Three arrested for death of 5-year-old Rifle girl
The mother of 5-year-old Sophie Larson, who died Dec. 12 from a suspected overdose, was arrested Thursday along with two others in connection to her daughter’s death.
Police arrested Stephanie Alvarado, 26, Bertha Ceballos-Romo, 26, and Daniel Alvarado, 27, Thursday afternoon on charges of child abuse resulting in death, a class 2 felony, possession of methamphetamine, and reckless endangerment, according to a Rifle Police Department statement. Ceballos-Romo is also charged with tampering with evidence.
All three arrested are presumed innocent until proven guilty, the news release notes. Conviction of a class 2 felony is punishable by between 8 to 24 years in prison.
Police declined to identify the girl as a matter of policy, but the girl’s father, Alec Larson, told the Post Independent about how he heard of his daughter’s death.
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The exact details and manner of Sophie Larson’s death are still under investigation.
Rifle Police were notified of a 5-year-old girl in medical distress at approximately 2:20 a.m. Dec. 12. The girl was being transported to Grand River Hospital in a private vehicle, according to the news release.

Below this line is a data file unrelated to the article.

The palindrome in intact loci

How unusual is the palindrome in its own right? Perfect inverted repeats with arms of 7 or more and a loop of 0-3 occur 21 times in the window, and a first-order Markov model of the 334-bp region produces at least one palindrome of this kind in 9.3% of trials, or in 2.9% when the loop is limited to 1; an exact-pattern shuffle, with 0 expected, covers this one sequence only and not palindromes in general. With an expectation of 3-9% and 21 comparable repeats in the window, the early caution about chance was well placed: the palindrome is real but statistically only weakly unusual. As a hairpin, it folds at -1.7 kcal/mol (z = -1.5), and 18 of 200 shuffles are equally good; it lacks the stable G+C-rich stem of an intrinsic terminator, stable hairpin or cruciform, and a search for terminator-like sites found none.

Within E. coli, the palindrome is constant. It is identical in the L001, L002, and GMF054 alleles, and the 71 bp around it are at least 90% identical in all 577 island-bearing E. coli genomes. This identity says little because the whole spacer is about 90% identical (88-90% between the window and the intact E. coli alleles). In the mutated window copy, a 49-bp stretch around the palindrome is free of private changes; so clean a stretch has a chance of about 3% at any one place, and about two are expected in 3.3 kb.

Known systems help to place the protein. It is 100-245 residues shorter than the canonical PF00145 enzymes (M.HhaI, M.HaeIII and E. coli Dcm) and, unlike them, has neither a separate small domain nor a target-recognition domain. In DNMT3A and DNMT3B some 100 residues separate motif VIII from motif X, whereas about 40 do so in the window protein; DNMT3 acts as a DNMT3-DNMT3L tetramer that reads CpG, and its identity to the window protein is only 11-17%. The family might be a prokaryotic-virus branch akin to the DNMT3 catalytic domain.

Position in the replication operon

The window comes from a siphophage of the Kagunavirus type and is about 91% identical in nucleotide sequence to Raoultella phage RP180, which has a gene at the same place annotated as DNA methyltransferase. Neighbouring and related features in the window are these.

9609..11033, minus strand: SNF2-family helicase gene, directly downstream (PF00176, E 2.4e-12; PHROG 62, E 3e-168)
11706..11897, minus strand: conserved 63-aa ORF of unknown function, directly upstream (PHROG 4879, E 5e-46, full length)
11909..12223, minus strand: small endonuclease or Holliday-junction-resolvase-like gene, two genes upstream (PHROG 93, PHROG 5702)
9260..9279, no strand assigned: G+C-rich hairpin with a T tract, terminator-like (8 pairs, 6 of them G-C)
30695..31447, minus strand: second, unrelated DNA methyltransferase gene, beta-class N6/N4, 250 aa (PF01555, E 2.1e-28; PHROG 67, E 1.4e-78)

“Life-saving measures were provided at the hospital, but unfortunately the juvenile died,” the news release reads.
Larson was in El Jebel that night, planning to pick up his daughter from school later on Dec. 12.
Larson and Alvarado had been separated for over a year, and he had primary custody.
“I was working on going for full custody of my daughter, because I knew that her mom had problems. I just didn’t know it was to this extent,” Larson said.
One of Alvarado’s family members informed Larson that the girl was at the hospital, and got to Grand River Hospital around 4:30 a.m.
“I got to the hospital and didn’t know what was going on,” he said. “I went into the back expecting to find Sophie sick or something, but the doctor told me she had passed away.”
Larson said he hopes the tragic loss will be a wake-up call about the epidemic of methamphetamine and other addictions.
“I want it to be heard that this was preventable, and can be prevented for other people,” Larson said.
Larson said his daughter had a positive impact on many people in the community. He has received letters from people he didn’t know who said they remember Sophie Larson from small interactions.
“She was just a bright light everywhere she went,” Larson said.
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